Michelle Moran certainly knows how to unfold the political intrigue that is enmeshed in the history of Nefertari's family and keep me interested. This book seems to also have been well-researched, as far as I can tell. As someone who's only ever read about Egyptian history to idly pass the time, I definitely won't be able to vouch for historical accuracy but the way the gods were a constant presence of both comfort and threat in Nefertari's life seemed quite right with what I know of ancient Egyptian religion.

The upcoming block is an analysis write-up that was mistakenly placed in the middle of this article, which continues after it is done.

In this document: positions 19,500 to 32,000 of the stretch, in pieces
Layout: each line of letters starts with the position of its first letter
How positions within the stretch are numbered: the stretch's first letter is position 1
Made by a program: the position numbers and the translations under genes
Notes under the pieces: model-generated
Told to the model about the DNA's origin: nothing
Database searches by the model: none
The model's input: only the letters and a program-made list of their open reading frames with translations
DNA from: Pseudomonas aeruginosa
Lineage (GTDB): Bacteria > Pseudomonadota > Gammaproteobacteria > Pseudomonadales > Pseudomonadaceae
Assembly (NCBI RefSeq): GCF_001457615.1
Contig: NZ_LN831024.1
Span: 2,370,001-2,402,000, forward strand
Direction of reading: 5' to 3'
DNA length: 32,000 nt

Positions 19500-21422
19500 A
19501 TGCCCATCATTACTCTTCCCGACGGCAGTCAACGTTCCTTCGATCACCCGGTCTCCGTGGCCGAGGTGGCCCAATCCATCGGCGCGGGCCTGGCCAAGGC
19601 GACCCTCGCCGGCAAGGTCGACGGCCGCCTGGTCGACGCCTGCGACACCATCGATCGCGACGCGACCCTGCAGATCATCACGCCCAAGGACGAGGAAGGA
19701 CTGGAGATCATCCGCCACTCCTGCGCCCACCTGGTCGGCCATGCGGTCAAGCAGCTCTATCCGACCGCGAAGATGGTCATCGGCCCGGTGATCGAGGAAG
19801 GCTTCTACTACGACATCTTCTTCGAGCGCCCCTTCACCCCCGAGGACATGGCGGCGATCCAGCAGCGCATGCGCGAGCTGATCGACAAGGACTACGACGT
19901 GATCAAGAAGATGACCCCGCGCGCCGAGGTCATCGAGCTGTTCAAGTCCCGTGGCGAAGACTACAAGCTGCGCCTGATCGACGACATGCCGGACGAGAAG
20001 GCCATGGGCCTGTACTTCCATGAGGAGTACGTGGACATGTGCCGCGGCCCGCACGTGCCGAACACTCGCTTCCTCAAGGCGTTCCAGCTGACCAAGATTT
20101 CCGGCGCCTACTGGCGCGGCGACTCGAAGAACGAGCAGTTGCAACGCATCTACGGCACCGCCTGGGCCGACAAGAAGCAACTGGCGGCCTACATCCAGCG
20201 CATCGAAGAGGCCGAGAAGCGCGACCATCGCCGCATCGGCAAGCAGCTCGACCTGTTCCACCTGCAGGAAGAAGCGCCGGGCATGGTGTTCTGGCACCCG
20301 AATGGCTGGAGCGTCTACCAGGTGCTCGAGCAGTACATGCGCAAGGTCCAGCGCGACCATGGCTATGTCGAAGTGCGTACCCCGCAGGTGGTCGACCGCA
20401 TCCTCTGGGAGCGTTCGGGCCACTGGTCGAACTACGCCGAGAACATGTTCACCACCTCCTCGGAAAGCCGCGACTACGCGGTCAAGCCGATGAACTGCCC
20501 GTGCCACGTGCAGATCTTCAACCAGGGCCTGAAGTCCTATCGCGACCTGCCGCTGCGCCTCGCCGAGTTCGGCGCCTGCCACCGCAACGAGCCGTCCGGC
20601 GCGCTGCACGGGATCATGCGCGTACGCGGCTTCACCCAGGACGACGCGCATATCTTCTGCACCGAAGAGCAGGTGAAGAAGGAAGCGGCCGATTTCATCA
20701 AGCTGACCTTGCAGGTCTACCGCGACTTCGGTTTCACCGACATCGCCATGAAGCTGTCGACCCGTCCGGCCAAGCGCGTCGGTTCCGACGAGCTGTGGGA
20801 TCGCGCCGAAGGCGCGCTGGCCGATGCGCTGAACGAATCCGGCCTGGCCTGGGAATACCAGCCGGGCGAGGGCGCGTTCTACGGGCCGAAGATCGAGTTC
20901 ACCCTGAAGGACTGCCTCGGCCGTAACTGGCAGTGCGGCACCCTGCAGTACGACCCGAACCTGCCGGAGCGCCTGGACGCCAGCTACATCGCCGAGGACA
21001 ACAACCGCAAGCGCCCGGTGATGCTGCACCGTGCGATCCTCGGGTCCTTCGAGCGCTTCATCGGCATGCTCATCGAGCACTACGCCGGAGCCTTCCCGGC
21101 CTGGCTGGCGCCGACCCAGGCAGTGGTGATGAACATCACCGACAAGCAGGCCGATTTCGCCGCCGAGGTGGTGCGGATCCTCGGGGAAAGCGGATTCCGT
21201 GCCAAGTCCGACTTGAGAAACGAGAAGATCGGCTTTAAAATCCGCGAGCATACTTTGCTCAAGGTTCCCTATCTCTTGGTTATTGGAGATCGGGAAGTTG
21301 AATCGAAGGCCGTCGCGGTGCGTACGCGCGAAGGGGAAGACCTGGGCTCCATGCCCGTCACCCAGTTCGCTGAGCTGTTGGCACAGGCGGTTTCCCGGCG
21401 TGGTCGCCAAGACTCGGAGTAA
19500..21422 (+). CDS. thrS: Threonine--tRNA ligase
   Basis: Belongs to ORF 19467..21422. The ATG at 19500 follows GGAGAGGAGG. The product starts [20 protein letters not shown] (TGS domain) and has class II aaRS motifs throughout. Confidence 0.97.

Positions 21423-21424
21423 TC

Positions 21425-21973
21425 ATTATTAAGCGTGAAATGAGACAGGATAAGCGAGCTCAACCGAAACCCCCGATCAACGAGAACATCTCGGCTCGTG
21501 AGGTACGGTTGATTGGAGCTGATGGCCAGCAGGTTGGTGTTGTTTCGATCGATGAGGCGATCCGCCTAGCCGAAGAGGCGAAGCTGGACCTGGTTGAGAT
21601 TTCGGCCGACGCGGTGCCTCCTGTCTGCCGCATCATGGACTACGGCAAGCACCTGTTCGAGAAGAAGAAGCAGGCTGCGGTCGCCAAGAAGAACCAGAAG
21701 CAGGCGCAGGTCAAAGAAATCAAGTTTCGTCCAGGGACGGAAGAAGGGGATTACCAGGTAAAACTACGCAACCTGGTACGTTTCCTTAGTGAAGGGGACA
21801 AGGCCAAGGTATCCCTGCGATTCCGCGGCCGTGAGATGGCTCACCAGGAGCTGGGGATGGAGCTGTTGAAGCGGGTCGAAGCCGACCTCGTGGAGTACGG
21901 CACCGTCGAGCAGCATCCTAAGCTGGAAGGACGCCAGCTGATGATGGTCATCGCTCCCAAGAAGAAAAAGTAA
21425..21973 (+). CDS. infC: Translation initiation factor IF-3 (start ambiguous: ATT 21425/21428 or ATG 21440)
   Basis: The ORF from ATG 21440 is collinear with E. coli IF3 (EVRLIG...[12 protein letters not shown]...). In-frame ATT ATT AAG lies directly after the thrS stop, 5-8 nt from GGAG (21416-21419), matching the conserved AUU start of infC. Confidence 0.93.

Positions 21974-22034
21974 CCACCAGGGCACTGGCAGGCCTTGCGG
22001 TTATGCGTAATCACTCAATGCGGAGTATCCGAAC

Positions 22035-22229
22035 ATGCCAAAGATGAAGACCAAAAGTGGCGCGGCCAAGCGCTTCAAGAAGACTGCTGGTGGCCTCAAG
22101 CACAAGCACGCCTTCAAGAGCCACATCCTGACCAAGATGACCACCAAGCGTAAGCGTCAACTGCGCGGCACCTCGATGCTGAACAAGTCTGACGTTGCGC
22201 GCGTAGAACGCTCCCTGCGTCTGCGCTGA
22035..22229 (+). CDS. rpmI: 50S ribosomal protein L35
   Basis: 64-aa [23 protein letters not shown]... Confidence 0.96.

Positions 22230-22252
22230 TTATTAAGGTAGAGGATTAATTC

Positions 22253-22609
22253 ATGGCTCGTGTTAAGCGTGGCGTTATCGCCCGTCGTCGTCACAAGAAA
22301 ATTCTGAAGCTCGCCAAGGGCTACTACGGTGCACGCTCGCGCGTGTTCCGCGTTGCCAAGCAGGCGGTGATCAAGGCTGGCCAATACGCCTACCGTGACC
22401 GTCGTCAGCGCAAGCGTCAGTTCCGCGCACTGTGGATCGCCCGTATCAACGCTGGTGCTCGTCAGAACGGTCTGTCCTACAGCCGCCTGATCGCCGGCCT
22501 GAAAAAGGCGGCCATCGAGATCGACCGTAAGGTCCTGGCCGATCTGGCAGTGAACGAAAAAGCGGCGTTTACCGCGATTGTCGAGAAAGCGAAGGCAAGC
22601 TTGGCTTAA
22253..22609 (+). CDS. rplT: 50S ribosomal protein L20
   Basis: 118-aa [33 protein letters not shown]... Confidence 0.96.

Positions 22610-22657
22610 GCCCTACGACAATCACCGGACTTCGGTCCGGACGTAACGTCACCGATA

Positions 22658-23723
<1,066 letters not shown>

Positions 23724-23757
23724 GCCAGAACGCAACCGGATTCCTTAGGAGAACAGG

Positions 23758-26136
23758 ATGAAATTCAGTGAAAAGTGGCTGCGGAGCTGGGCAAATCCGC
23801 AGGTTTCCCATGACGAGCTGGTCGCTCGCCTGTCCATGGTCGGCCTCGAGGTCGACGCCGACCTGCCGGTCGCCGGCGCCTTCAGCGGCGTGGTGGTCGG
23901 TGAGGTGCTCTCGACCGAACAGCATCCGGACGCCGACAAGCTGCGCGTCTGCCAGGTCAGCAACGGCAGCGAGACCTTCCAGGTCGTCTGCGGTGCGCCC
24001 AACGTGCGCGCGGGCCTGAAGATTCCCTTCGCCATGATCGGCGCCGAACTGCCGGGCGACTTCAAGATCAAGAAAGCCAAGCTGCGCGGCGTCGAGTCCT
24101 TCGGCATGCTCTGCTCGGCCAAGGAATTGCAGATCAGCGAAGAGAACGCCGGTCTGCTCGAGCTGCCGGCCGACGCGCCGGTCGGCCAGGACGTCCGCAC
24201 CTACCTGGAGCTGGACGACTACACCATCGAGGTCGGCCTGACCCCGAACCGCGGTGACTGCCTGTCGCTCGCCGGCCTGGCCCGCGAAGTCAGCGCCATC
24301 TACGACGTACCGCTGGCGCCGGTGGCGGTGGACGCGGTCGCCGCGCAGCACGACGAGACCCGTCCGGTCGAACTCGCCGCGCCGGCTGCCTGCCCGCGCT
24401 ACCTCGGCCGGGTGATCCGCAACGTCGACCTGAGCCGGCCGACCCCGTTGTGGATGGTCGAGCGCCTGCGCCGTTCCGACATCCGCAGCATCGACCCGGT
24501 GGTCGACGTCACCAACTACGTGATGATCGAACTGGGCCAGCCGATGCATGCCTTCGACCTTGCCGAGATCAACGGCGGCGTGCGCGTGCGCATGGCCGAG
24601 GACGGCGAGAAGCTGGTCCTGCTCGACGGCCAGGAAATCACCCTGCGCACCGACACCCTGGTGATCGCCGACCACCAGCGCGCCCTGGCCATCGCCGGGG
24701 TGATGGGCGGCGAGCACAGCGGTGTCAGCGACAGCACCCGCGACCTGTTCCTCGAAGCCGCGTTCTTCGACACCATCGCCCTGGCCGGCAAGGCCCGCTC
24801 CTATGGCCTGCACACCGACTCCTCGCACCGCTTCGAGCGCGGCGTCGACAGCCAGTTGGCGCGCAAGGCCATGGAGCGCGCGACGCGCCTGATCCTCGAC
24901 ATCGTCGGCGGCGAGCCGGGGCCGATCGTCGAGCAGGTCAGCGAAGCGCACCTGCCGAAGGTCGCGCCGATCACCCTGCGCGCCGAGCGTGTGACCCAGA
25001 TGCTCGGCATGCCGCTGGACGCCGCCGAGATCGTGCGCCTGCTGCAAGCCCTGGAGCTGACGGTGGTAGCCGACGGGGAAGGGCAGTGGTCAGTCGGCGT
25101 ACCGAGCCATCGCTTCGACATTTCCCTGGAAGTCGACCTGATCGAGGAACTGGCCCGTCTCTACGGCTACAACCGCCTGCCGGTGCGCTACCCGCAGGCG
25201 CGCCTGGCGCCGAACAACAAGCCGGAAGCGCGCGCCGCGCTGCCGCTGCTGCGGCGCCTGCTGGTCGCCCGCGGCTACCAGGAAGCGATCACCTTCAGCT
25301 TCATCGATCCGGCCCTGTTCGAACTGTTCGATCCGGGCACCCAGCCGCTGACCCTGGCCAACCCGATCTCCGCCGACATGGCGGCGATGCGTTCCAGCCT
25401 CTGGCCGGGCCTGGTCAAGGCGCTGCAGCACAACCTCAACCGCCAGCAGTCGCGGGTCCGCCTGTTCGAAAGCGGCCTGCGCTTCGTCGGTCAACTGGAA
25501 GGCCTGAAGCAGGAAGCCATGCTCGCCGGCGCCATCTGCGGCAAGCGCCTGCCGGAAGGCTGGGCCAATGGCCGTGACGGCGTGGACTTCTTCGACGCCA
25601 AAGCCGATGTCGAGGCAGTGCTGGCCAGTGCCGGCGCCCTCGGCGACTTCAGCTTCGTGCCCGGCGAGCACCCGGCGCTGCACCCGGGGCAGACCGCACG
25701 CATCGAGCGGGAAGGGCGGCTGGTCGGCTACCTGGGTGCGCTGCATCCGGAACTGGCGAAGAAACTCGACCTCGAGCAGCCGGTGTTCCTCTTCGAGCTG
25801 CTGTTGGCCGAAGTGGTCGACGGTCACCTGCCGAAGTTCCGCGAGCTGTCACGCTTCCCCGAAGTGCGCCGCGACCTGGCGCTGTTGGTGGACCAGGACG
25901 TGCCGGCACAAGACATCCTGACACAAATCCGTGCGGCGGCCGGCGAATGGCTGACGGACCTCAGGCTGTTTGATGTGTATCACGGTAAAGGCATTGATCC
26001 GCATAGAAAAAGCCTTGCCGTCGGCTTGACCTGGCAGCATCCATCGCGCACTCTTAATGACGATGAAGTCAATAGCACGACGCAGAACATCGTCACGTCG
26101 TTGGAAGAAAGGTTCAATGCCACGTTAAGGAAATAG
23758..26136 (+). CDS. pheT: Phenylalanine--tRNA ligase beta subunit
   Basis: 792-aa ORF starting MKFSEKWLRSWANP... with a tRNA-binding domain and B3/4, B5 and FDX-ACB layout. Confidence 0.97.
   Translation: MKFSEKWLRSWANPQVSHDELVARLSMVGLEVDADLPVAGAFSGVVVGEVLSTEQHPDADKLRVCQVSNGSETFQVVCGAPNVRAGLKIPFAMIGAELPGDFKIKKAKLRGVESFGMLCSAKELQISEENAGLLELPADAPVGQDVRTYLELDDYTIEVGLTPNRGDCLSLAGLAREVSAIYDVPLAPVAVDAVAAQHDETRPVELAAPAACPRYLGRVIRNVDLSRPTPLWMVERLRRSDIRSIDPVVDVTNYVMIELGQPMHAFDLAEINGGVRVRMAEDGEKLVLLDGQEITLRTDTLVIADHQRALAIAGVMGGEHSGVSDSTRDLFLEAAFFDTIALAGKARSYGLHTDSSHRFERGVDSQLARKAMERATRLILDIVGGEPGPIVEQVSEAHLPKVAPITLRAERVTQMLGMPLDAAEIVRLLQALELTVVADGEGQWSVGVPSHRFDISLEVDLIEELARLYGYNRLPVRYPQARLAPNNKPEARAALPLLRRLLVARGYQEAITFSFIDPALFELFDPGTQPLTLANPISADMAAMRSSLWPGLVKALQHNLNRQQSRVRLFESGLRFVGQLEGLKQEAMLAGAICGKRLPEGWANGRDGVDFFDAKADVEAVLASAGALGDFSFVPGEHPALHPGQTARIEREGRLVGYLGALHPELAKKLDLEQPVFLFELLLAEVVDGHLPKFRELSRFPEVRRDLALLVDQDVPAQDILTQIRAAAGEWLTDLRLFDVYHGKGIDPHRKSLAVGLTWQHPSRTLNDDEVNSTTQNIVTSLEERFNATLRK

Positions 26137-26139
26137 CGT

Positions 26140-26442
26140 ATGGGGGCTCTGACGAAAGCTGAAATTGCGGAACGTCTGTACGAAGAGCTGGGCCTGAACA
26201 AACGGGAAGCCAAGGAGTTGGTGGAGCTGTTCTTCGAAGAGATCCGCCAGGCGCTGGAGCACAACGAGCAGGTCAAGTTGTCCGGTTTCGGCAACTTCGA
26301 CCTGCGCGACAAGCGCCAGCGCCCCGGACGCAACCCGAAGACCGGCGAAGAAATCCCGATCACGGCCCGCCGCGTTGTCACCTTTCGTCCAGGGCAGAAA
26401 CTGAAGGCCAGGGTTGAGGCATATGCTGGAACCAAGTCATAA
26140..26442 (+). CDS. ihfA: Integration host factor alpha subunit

This is essentially an underdog story. Nefertari is well-nigh universally shunned for the errors of her family, but with perseverance and way more patience than I myself could ever summon, she gets her happy ending and you really do feel it.
Still, this is just a three-star novel for me. I never really saw what was in Ramesses to inspire such incredible devotion in Nefertari. Ramesses is everyone's hero; the novel merely gives it to the readers as fact but never really gives a reason save for that he is Pharaoh. I was not convinced. The book may focus more on Nefertari path through the intrigues in the palace, but the reason she decides to undergo such incredible trials is her love for Ramesses, so it is rather important to have the readers actually believe
in that love.
Show, don't just tell over and over again.